The official story of RaTG13 — that it was discovered in 2013 and then thrown in a freezer and forgotten until someone finally bothered to sequence it after the outbreak of COVID-19 — had now been exposed thoroughly as a lie, even by the concession of the people who originally made the claim. No one has yet been able to extract an answer from Shi or her colleagues as to why they falsely pretended that the full genetic sequence of RaTG13 was only discovered after the pandemic began, or why they pretended (by omission), for several months, that RaTG13 was a different virus than the BtCOV/4991 virus they had already extensively studied and written about.

Internet sleuths were quick to discover that many of the other claims made by Shi about RaTG13 were, at best, highly suspect. Recall that the specific event that precipitated the search of the Tongguan cave was that six miners who worked in the mine had died of a respiratory illness of uncertain etiology. Shi claimed in a March interview with Scientific American that the Tongguan miners had actually died due to a fungal infection they caught in the mine, and that it was mere coincidence that during the exploration of the cave, they found RaTG13 — a clear attempt to downplay the lethality of RaTG13. However, DRASTIC member TheSeeker268 unearthed a master's thesis by Chinese doctor Dr. Li Xu of Kunming Medical University, which clearly stated that the miner deaths were “caused by SARS-like CoV or bat SARS-like coronavirus that has been isolated from the Chinese rufous horseshoe bat.” The symptoms the miners died of were noted to be “identical to what we now call Covid-19.”

Furthermore, TheSeeker268 unearthed a 2016 thesis “written by Huang Canping, a student of Gao Fu, the current director of China CDC … In addition to what was already known, this document clearly states that WIV had tested the four miners (two had died by then); and all four of them had tested positive for SARS-like antibodies.”

Which raises the obvious question: Why would Shi lie and say that miners who died in the cave where the closest natural ancestor to SARS-CoV-2 was discovered actually died of a fungal infection?

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In addition to scrubbing the record of all genetic sequences researched at the WIV, and in addition to the demonstrably false statements from WIV researchers about their discovery of RaTG13, the Chinese government was working overtime in the early days of the pandemic to ruthlessly suppress any information about the pandemic from reaching the general public.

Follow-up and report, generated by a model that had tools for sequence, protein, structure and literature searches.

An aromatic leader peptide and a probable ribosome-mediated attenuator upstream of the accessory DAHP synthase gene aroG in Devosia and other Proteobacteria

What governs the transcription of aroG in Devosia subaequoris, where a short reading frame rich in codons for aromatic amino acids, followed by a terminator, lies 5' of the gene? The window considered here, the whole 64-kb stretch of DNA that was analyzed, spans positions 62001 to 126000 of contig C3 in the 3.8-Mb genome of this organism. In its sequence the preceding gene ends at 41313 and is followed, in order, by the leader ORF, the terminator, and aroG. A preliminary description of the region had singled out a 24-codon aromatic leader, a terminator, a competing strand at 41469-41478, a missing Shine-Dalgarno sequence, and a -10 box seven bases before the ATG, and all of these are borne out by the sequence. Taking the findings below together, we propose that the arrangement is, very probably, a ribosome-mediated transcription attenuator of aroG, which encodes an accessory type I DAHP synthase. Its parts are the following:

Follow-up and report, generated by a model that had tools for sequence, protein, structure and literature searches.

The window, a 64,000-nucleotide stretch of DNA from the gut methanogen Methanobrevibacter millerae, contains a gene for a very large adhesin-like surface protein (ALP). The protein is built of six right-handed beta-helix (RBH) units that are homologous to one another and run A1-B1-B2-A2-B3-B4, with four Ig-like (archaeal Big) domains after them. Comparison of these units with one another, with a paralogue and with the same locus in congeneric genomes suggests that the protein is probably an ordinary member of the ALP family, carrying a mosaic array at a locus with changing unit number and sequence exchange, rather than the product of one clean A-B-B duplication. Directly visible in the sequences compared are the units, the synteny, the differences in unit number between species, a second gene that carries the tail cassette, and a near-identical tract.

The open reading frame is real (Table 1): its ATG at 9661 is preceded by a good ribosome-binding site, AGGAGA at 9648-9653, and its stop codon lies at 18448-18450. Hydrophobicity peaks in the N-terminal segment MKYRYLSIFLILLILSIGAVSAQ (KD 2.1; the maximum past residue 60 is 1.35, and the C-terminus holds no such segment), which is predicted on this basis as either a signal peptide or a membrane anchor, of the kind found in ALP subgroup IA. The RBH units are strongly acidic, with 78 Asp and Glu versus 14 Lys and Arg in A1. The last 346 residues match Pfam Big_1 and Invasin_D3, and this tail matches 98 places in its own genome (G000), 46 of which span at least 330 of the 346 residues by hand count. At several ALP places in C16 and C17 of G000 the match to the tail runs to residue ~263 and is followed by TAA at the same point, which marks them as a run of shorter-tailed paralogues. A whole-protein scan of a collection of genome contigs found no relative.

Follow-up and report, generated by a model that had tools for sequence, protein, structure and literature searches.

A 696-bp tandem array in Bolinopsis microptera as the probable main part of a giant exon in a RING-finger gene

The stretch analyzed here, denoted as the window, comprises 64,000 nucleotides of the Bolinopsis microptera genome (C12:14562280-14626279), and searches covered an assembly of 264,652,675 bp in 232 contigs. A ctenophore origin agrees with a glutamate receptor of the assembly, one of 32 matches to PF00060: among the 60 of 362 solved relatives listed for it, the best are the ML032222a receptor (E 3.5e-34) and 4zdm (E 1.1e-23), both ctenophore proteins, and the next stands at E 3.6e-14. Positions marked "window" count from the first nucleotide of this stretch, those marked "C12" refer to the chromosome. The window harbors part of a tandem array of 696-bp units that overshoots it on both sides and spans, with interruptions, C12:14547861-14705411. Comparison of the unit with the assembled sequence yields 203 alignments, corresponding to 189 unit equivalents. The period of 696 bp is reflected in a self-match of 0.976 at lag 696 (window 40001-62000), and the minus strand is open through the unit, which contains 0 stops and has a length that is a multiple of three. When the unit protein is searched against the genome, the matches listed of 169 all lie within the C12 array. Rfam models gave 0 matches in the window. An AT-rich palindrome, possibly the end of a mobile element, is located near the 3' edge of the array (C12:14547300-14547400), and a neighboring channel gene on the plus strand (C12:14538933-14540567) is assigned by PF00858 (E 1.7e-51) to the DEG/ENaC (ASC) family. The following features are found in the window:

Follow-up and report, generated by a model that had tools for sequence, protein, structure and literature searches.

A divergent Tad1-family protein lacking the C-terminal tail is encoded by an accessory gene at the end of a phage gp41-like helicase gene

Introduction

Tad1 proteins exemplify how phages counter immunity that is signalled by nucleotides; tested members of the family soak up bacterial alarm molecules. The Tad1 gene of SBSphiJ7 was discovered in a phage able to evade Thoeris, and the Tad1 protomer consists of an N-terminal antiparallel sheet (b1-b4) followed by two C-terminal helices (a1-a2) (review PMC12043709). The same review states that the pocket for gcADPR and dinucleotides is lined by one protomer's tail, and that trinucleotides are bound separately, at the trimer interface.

Dr. Li Wenliang, the ophthalmologist who first brought the attention of the emerging pandemic to public awareness, was pressured and threatened by Chinese authorities to recant his statement that the new coronavirus even existed and was infecting people. Li eventually allegedly caught COVID-19 himself, and allegedly died from it in a Chinese hospital, despite his young age (34).

The Chinese government also engaged in a breathtaking campaign of internet and social media censorship designed to squash any internal debate — or even discussion — of the pandemic in China. Their campaign even reached into popular chatting app WeChat and live-streaming platform YY, and included a shockingly broad list of terms, including, notably, a number of phrases that referenced the “Wuhan lab.”

These efforts were wrapped in to China's well-documented effort to censor and suppress negative coverage of their response to the pandemic as well — efforts that included the expulsion of American journalists, and the disappearing of one of China's most prominent citizens.

The importance of the disappearance of Ren Zhiqiang cannot be overstated in this story. While most Americans have likely never heard of him, he was, before his untimely disappearance, one of China's most prominent private citizens, and he was involved in a very public criticism of China's handling of the coronavirus pandemic. Imagine if, say, Dallas Mavericks owner Mark Cuban suddenly vanished from the face of the earth without a trace during the middle of a twitter spat with then-President Donald Trump in March 2020, and no government agency seemed particularly interested in finding him, and no one who mattered even asked pointed questions of government officials as to whether they were involved in his departure.

Almost no one believes that Ren is not either dead or imprisoned at the hands of the communist Chinese government at this point, and the Chinese government does not seem particularly interested in combating that perception publicly. Imagine the impression such an event would make upon the average Chinese citizen — or, for that matter, any researcher at the Wuhan Institute of Virology who might feel tempted to contradict the government line about what happened in that laboratory.